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IIT Guwahati and team reveal new findings on black hole binary system

BNE News Desk , June 10, 2024
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Guwahati: A multi-institutional research team, including the Indian Institute of Technology Guwahati, U.R. Rao Satellite Centre, ISRO, University of Mumbai, and Tata Institute of Fundamental Research, has studied a newly discovered black hole binary system called Swift J1727.8-1613 using data obtained from AstroSat. 

The team discovered intriguing X-ray characteristics that can potentially provide insights into the nature of black holes. Black hole binaries, where a black hole is paired with another object, provide a unique opportunity for investigation. In these binary systems, the black hole's gravity pulls material from its companion star, forming an accretion disk of gas and dust spiraling into the black hole. 

As the material in the accretion disk is pulled closer to the black hole, it heats up to extremely high temperatures, often millions of degrees, and emits X-rays. These X-rays can be detected using space-based telescopes, providing valuable information about the black hole itself.

The researchers used AstroSat, India's first dedicated space astronomy observatory, which is equipped with instruments capable of observing the universe in multi-wavelengths, including X-rays, making it ideal for studying high-energy phenomena such as black hole binaries.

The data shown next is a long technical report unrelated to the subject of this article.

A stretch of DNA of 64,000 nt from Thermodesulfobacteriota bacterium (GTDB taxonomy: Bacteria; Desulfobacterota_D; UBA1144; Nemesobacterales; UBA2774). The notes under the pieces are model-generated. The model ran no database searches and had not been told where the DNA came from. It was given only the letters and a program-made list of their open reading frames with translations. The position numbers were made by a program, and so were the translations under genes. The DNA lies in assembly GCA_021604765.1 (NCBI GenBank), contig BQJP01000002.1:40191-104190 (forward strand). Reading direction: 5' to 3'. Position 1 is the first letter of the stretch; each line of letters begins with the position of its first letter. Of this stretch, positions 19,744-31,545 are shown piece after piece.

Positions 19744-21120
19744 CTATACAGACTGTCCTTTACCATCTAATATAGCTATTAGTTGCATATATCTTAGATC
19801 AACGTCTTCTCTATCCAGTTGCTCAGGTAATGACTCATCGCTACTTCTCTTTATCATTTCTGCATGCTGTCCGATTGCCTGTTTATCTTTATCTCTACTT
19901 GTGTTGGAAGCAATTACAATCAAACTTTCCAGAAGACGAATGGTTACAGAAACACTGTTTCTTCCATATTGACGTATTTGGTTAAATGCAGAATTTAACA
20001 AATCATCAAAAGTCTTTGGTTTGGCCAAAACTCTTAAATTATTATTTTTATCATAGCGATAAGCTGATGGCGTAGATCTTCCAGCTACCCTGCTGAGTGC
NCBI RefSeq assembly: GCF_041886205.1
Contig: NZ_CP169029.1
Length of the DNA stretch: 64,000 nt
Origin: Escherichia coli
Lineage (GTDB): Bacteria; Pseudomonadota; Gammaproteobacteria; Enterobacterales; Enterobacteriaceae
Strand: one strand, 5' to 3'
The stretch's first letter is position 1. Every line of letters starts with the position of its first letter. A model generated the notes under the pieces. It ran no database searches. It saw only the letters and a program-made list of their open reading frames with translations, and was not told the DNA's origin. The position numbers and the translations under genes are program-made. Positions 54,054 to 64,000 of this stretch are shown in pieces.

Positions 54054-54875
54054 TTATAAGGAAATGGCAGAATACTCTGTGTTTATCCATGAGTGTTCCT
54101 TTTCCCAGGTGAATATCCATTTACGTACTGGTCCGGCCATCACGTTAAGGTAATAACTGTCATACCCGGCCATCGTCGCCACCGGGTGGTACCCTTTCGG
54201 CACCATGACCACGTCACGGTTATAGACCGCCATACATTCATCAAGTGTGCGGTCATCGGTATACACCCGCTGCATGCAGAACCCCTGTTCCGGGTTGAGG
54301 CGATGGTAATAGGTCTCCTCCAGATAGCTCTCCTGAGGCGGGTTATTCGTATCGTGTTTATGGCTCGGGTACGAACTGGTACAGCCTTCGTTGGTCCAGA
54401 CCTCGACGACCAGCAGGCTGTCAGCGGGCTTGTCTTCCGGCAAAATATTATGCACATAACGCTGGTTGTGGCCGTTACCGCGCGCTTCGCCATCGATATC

They detected Quasi-periodic Oscillations (QPOs) in the X-ray light emitted by the accretion disk of Swift J1727.8-1613. These QPOs changed their frequency over seven days, shifting from 1.4 to 2.6 times per second. This change of frequency is observed in extremely high-energy X-rays, which are incredibly hot, around a billion degrees.

The QPOs can help astronomers study the inner regions of accretion disks, determine the masses and spin periods of black holes, and test Einstein's theory of general relativity, which describes gravity as a geometric property of space and time.

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